So this is Christmas? I must say that this Christmas was probably more enjoyable than recent years past. No one argued. No one threw punches or food. No one stormed out and drove home. (Though my father is sleeping in his car tonight. But it's just out of appreciation for tradition.)
The lack of friction around the table this year made me realize that I often hear people talk about their dysfunctional families' holidays, but I never hear anyone talk about their functional families' holidays. I think it's about time that the June Cleavers and Donna Reeds of the world speak up. Is Nixon's "silent majority" too busy enjoying the holiday season with their sweater vests and sober relatives to tell the rest of us that we're screwed up? Or are they just smart enough to lay low, lest they find themselves co-starring on a very special holiday edition of Cops with my father?
I even enjoyed a better than average gifting this year. The only thing I asked for was socks, but in addition to the socks, I also received 12 pairs of underwear and a fog machine. Wowee! I'd say it was "like Christmas," except for the fact that it actually was Christmas. In this case, my extensive mental inventory of useful sarcastic cliches has let me down, leaving me grasping for words with which to describe the event. (Sarcasm just can't be used to describe satisfaction.)
The 12 pairs of underwear made me wonder about why we call them "pairs" of underwear. A quick internet search reveals that back in the day, only nobility wore anything over the coverings of their genitals, so there was technically no such thing as "underwear" until the last few centuries. (Unless, of course, you were hanging out in a royal court wearing a codpiece or tunic.) Modern legged outerwear evolved from two, unattached leggings (a pair of hose, to be precise) to become the single garment that we now call "a pair of pants." As I understand it, the word "pants" evolved from the word "pantaloons," a type of legged, female underskirt garment designed to cover their highly coveted naughty bits. This would make "pairs of underwear" a vestigial etymological remnant of a bygone wardrobe in our lexicon.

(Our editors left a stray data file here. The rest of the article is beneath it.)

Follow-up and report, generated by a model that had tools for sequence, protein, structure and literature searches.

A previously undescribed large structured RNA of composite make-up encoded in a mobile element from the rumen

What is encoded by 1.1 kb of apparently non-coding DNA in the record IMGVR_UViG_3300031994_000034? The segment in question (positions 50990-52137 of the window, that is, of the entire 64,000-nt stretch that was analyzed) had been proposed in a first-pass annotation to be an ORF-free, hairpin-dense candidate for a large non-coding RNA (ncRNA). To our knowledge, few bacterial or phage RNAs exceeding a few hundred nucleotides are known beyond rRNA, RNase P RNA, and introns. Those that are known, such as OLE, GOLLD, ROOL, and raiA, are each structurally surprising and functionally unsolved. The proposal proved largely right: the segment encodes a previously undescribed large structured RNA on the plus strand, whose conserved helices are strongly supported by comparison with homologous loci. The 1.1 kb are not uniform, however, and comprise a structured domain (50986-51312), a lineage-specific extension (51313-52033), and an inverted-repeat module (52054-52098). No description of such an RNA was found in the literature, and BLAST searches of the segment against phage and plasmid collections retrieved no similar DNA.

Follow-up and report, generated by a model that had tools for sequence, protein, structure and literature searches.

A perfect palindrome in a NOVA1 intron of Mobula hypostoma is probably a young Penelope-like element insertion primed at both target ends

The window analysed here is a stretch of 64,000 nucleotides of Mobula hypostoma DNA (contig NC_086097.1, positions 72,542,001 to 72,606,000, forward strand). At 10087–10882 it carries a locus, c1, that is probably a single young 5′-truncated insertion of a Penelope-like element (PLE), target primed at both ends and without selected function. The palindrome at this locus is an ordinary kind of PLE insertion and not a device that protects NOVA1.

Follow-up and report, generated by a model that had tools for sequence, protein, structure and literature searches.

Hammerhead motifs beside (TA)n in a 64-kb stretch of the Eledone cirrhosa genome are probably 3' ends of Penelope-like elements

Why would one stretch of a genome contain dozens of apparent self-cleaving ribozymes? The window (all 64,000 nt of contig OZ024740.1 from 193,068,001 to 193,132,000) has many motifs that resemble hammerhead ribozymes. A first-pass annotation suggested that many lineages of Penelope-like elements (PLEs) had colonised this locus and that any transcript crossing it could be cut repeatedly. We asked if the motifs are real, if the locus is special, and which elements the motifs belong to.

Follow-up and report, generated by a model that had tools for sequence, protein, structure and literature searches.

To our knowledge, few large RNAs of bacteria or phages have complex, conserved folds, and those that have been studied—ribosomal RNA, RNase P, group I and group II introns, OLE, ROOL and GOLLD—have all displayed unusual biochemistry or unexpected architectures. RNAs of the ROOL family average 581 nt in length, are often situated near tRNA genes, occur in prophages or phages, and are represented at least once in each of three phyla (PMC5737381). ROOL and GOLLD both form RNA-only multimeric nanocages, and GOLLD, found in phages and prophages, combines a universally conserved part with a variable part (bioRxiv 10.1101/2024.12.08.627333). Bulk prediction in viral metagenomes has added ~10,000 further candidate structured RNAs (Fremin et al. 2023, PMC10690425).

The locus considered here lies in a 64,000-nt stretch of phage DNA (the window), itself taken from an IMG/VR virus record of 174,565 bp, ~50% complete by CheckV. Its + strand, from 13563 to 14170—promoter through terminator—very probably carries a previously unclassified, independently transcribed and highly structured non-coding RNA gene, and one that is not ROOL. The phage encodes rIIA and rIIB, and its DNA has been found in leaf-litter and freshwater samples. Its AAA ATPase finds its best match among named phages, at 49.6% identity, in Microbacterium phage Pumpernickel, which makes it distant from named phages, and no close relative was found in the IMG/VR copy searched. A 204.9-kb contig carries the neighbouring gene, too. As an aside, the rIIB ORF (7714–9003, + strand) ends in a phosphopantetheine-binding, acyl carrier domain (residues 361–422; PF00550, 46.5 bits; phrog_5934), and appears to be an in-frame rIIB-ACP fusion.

Note that since "pants" originated as a type of underwear, modern outerwear "pants" should properly be referred to as "trousers" since "pants" is specifically derivative of a type of undergarment and "trousers" are outerwear for the legs. This appears to be yet another difference in American and British English languages. They get it right, whereas we American's don't care what you call it so long as you can't see our legs.
It turns out that "men's cotton briefs," such as I received for Christmas, weren't even invented until the 1930s in Chicago, Illinois. Named for the 20th century male undergarment called a "jockstrap," they were designed and sold by a company which would later adopt their brand name as the company name: Jockey.